You can’t talk about a science fiction movie without talking about the special effects. Although the special effects were nearly all done with blue screens and computer generated imagery as expected with the modern sci-fi films, they were well above average. In fact, I’d compare 2005’s Serenity with 2009’s Avatar favorably any day, and remember, James Cameron spent hundreds of millions of dollars developing the technology to film Avatar the way he felt it should be done. That kind of coup is on par with what George Lucas did back in the 70s with Star Wars: do amazing work years ahead of everyone else trying to do the same, and in particular do it on a budget and better than those later attempts. In my opinion, the only things that Avatar did in a superior fashion to any thing in Serenity were the floating mountains and the huge color palette.

I loved the variety of spacecraft in Serenity and their various states of repair or disrepair. Some of the funniest lines in the film, in fact, center on the title ship’s state of decay. “Stuff don’t fall off my ship”, Mal states at one point, and at another complains to Kaylee “You promised me that buffer panel would last two weeks!” To which she responds, “That was six months ago.”  Not to mention, slightly earlier, Wash’s response to Mal’s inquiry about landing without the buffer panel: “Oh god, oh god, we’re all going to die?” (Which, by the way, is the line I quoted in my short story.) Lots of awesomeness abounds. Hell, there’s something remarkable in Serenity that isn’t even significant to the storyline: when the crew goes to collect their pay for ripping off the bank at the start of the film, the ship is essentially grabbed out of mid-air by a docking arm, and brought to a birth. I’ve never seen anything even remotely close to as unique as that in either books or film.

In all honesty, I believe that Whedon’s Serenity should be considered among the best of modern science fiction films, and should be considered retroactively for an Oscar or two.

Caprica, SGU Canceled. Anyone surprised?

As you’re probably beginning to guess, I’m a sci-fi (spelled properly!) addict. At least when I have the resources available to me. Books, television, movies, they’re all good fixes for me. I’ve been known to love some really bad sci-fi, and hate some supposedly really good sci-fi, but what disappoints me is the failure of successful franchises because of stupid decisions in the pre-production stages. Although I thought I posted on another blog of mine about these two particular shows, I can’t find the post, so I will start over here: Caprica and Stargate Universe died on account of they were stupid. (There’s a non-sci-fi movie reference there, can you spot it?)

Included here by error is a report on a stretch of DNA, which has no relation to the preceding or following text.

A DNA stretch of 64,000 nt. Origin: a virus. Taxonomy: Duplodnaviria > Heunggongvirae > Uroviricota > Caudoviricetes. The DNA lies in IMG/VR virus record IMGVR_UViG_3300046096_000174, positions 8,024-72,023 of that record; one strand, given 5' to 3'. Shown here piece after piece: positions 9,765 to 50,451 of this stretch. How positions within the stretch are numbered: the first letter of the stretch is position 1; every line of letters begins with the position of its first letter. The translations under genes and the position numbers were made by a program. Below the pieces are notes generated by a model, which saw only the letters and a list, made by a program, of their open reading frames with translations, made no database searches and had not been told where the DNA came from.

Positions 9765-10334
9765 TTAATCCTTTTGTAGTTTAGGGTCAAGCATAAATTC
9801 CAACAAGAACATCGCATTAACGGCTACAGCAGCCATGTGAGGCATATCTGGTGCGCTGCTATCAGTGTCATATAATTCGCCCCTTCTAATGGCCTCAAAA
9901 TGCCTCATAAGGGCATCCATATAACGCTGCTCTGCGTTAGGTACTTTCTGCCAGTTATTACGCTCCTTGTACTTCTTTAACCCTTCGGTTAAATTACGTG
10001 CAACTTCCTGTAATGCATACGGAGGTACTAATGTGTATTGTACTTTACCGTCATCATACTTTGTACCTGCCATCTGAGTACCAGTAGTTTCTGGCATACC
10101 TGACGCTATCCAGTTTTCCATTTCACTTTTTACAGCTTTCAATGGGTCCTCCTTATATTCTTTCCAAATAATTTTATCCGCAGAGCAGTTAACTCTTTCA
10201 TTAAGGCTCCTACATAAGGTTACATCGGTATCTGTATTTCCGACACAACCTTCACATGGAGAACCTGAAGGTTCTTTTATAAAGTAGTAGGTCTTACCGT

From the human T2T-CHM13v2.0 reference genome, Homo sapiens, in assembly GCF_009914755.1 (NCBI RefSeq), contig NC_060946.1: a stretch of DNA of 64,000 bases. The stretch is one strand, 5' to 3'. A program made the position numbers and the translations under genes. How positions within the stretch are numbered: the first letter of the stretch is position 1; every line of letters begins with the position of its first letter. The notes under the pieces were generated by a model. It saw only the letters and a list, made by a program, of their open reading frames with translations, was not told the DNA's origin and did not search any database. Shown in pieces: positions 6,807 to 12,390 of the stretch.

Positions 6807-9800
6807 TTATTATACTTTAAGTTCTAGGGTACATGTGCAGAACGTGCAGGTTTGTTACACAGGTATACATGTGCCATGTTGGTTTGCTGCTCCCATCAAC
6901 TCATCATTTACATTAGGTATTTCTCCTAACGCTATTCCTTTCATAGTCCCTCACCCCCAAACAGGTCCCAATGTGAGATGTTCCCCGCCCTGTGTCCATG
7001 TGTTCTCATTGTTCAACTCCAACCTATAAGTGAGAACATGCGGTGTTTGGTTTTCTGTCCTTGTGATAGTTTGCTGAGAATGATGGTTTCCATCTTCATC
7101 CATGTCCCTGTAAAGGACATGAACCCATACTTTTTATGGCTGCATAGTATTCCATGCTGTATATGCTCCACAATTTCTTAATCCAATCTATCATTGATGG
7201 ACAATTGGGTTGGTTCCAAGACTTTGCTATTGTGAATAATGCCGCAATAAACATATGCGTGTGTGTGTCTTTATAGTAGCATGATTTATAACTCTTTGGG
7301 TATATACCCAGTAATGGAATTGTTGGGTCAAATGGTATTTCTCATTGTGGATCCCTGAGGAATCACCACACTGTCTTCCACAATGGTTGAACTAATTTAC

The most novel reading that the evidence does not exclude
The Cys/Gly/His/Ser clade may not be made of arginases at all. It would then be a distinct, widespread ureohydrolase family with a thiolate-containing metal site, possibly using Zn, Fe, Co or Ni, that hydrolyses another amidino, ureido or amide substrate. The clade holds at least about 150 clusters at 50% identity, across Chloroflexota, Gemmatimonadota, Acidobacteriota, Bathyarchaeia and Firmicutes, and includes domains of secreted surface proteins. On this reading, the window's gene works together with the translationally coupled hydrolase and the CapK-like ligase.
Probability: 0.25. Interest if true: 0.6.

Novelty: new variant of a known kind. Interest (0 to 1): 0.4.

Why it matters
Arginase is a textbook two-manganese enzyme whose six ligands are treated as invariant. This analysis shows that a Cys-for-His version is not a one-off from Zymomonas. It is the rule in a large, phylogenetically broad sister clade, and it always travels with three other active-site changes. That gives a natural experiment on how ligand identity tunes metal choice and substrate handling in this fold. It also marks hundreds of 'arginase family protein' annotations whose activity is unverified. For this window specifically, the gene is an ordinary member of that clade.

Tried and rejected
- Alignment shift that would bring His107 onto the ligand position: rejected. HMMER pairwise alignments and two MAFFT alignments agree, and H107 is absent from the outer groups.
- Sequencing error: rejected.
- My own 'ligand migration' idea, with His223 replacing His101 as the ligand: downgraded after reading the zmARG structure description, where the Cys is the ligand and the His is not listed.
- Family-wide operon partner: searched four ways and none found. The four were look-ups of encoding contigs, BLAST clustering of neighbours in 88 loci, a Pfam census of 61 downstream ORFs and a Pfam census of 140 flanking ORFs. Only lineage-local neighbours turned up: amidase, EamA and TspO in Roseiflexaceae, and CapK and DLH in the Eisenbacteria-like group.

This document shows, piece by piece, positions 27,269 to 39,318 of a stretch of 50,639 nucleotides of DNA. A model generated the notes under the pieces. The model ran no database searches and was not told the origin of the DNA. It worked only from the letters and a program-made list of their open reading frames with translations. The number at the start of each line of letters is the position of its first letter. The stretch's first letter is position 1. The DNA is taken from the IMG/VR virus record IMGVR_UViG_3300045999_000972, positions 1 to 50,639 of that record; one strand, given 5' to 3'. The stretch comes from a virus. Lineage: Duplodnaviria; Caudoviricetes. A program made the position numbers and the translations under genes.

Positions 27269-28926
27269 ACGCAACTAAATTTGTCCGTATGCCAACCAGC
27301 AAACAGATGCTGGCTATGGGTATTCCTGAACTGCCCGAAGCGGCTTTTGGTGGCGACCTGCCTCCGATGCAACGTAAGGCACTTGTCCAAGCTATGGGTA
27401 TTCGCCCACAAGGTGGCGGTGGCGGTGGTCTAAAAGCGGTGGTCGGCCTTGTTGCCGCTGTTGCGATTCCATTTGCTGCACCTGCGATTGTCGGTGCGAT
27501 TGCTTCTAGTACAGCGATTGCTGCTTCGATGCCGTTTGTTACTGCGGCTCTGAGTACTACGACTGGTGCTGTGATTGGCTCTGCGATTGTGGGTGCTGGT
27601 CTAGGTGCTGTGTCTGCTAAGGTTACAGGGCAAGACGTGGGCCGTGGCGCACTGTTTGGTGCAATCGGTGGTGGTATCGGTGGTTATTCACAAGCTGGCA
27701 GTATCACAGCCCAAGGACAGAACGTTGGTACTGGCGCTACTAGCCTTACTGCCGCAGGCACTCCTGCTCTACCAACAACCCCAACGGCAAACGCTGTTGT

Caprica is was the prequel spin-off series for the relatively recently ended Battlestar Galactica television series that set all sorts of standards for science fiction on television. Siffie promised us a television series that took place 50 years before the events of BSG, dealing with the Adama and Greystone families, and how their successes and failures lead to the First Great Cylon War. This is all fine and dandy, but they also promised us something that made absolutely no sense whatsoever when taking the just ended BSG series into account: the creation of the Cylons.

Sometimes I don’t feel all that bright. A lot of times, I miss a lot of details that could be important. And finally, I confess that I only watched a few episodes of Caprica. But what I can’t understand is how the 2,000+ years of Cylon history from BSG could be squeezed into the 50 years between Caprica and BSG. The only possible loophole they have is the Cylon prophecy in BSG that “this has all happened before, it shall all happen again” and huge amount of genetic and archaeological stupidity in both human and Cylon races. Perhaps this huge oversight was going to be cleared up at some point in a later season that we’ll never get to see. But the thing that strikes me most about this glaring oversight? The fact that the same writers, directors, and producers were involved in both series! What, did all of them suddenly forget what the hell they had been preaching for the last two seasons of BSG? Maybe humanity really is that stupid…

What I can’t stand, however, is when a television series is conceptualized without taking into account the successes and failures of other, similar series. While Stargate Universe was beginning to grow on me, like a tumor, it had some significant fundamental flaws that again could have been corrected in pre-production. But before I get to that, I need you to understand why I’m going to do my best to rip this show a new asshole. Excuse my French.

Way back in 1994, before I stopped liking Kurt Russell, came along an interesting movie with the premise that we’d get to know fairly well. The movie was Stargate, and the premise was that an ancient portal to other worlds was found buried in Egypt and taken to a secure U.S. military facility for study. That tickles all the right funny bones with me: you have archaeology and history (thank you Dr. Jones!), the military, and you have science fiction. The portal of course lead to another world where humans had been enslaved by aliens that utilized the names of ancient Egyptian gods. Hell, the film even had French Stewart! The film had a great plot, pretty good acting, and damned good special effects, and I was eagerly awaiting a sequel.